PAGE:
But effective grass roots power emerged only as the minimum wage movement widened to recruit leaders and organizers from local churches and mosques and from the Somali, Ethiopian and other immigrant communities.
Puget Sound SAGE, a community organizing group for the Seattle area, provided a bridge to partnerships with the Church Council of Greater Seattle; with One America (an immigrant rights group); with the Low Income Housing Institute of Washington; and with worker-friendly environmental groups and community development organizations.
Moreover, Puget Sound SAGE did the vital research that enabled the worker movements to go toe to toe with business groups on the economic facts at SeaTac, educating the media and the public and helping to frame the debate over a $15 minimum wage.
In one hard-hitting study, “First Class Airport, Poverty-Class Jobs,” Puget Sound Sage undercut business claims that raising wages at SeaTac would hurt the competitiveness of airlines at SeaTac. It documented that SeaTac had the lowest minimum wage among West Coast airports, and that employees doing the same work in Los Angeles, San Francisco, San Jose and Oakland made from $3.67 to 6.15 more per hour.
But the SeaTac campaign got off to a rocky start. Union organizing efforts among airport service workers in 2010-2011 ran into a stonewall from airline sub-contractors. Many East African immigrant workers were afraid to confront their bosses. Some were wary of unions and skeptical of talk about a $15 minimum wage.
“When I first heard about the $15, I thought it was a myth,” said Omar Mumin, a former aircraft fueler fired for refusing to shave his beard, now college-trained as a linguistic interpreter. ”The East African community didn’t believe it could win. Some people didn’t believe the union is reliable. People think they are just out for more members and collecting dues.”
Forging Trust over Human Rights Values
But a dramatic episode at the Hertz rental agency changed attitudes. For a decade or more, car rental agencies at SeaTac, including Hertz, agreed to let scores of Muslim employees pray five times a day, as required by Islam, without docking their work-time. Then on Sept. 30, 2011, Hertz posted a notice requiring Muslims to clock out to pray. When they refused, Hertz suspended 32 Muslim workers in one weekend.
Teamster Local 117, representing Hertz employees, argued that the union contract permitted “mini-breaks” for a smoke, a coffee or prayer, without loss of work time. But management was adamant. It reinstated a handful of workers who agreed to clock out, but fired 25 others, who filed a lawsuit against Hertz.
What happened next became a turning point. The Teamsters Union organized a “Pray-In” at the Hertz airport office, rallying about 100 aggrieved workers, friends and families for a half an hour of prayers and chants. That show of solidarity gave unions new credibility in the immigrant communities.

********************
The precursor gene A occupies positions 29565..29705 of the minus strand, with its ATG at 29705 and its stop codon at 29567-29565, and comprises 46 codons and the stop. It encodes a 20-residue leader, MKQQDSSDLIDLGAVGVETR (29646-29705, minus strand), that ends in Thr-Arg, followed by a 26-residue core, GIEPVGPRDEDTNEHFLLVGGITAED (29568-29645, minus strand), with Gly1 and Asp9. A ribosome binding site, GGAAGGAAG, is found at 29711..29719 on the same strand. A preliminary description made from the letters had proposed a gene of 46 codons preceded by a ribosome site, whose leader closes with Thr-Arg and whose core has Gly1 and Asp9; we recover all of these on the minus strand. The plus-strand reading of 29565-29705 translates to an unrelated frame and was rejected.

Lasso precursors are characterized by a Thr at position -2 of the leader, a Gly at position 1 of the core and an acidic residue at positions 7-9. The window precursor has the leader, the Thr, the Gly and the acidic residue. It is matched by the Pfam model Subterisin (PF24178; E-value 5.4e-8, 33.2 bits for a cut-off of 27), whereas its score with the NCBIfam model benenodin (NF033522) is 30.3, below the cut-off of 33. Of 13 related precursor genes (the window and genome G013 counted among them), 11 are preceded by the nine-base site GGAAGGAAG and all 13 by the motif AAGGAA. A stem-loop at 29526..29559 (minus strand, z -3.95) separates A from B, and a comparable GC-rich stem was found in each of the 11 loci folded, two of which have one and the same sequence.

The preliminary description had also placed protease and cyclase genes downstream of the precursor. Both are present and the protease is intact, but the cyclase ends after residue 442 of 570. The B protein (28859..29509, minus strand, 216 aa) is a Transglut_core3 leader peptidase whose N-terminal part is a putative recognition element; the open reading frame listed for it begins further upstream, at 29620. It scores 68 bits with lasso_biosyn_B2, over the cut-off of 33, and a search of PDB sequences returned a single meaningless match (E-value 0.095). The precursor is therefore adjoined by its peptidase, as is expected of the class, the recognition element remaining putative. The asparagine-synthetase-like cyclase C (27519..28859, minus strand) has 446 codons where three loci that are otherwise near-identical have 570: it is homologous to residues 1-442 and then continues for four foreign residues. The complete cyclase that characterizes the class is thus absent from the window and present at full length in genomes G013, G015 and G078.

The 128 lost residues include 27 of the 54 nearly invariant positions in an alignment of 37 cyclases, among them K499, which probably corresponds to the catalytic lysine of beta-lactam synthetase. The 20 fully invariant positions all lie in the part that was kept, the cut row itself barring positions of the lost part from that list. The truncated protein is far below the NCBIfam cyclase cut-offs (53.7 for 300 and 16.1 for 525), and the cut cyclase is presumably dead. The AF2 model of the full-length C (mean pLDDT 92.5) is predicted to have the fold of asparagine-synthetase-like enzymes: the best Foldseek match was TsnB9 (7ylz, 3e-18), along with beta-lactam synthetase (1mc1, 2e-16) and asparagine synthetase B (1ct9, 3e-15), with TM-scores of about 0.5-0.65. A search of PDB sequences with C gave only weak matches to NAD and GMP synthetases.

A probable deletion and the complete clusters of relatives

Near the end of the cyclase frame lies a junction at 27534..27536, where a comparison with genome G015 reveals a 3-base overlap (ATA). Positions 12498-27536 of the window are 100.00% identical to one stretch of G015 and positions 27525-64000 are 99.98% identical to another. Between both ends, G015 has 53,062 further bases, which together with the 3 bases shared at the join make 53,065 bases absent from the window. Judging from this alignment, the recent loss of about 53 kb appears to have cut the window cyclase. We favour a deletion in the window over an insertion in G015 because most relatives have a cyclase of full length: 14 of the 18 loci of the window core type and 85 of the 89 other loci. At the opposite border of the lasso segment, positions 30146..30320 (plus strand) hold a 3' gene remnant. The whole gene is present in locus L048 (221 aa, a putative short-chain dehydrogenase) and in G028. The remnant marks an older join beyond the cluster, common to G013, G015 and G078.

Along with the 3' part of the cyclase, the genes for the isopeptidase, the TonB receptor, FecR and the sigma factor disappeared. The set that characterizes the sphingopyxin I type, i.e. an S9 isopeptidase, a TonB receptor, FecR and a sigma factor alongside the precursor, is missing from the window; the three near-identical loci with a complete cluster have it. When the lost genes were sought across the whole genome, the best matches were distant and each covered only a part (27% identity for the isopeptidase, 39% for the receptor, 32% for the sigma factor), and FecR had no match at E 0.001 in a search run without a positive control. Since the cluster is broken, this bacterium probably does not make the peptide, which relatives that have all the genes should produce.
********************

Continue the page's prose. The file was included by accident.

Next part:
“That is the reason why we came out in support of the union,” said Sheikh Mohamed Ileye, imam of Al Noor Mosque near SeaTac. “Because we saw that for the union, this is not only a money issue. The unions support and respect the values and social rights of the people.” The imam’s endorsement swung many Muslim workers into supporting the wage campaign and enabled Working Washington to recruit organizers from the mosque.
Seattle Ministers Take on
The gathering forces then tried exerting public pressure on Alaska Airlines, as SeaTac’s dominant carrier, to agree to raise minimum wages. Demonstrators, led by local ministers, community leaders and union organizers, staged protests at the offices of several Alaska sub-contractors and marched to Alaska Airlines’s sleek, glassy headquarters, demanding to meet with CEO Brad Tilden.
The campaign against Alaska reached its peak at Alaska’s annual shareholder meeting in Seattle in May 2013 when 70 SeaTac campaigners virtually took over that session. As it opened, a line of pro-worker ministers marched to the front where the Rev. John Helmiere gave a benediction of thanks “for the profits produced by hard workers and skilled managers” and asking God to “teach us to use these blessing in the right way.”
When CEO Brad Tilden took charge of the meeting, pastors and Alaska travelers challenged him to raise the minimum pay. Protesters held mock debates about worker rights. There were chants of “union now.” Carol Harris, an SEIU union leader with a booming church choir voice, led a chorus of “Solid as a rock. Rooted as a Tree. We are here. Standing strong…for dignity.”
People Power – Using the Ballot Box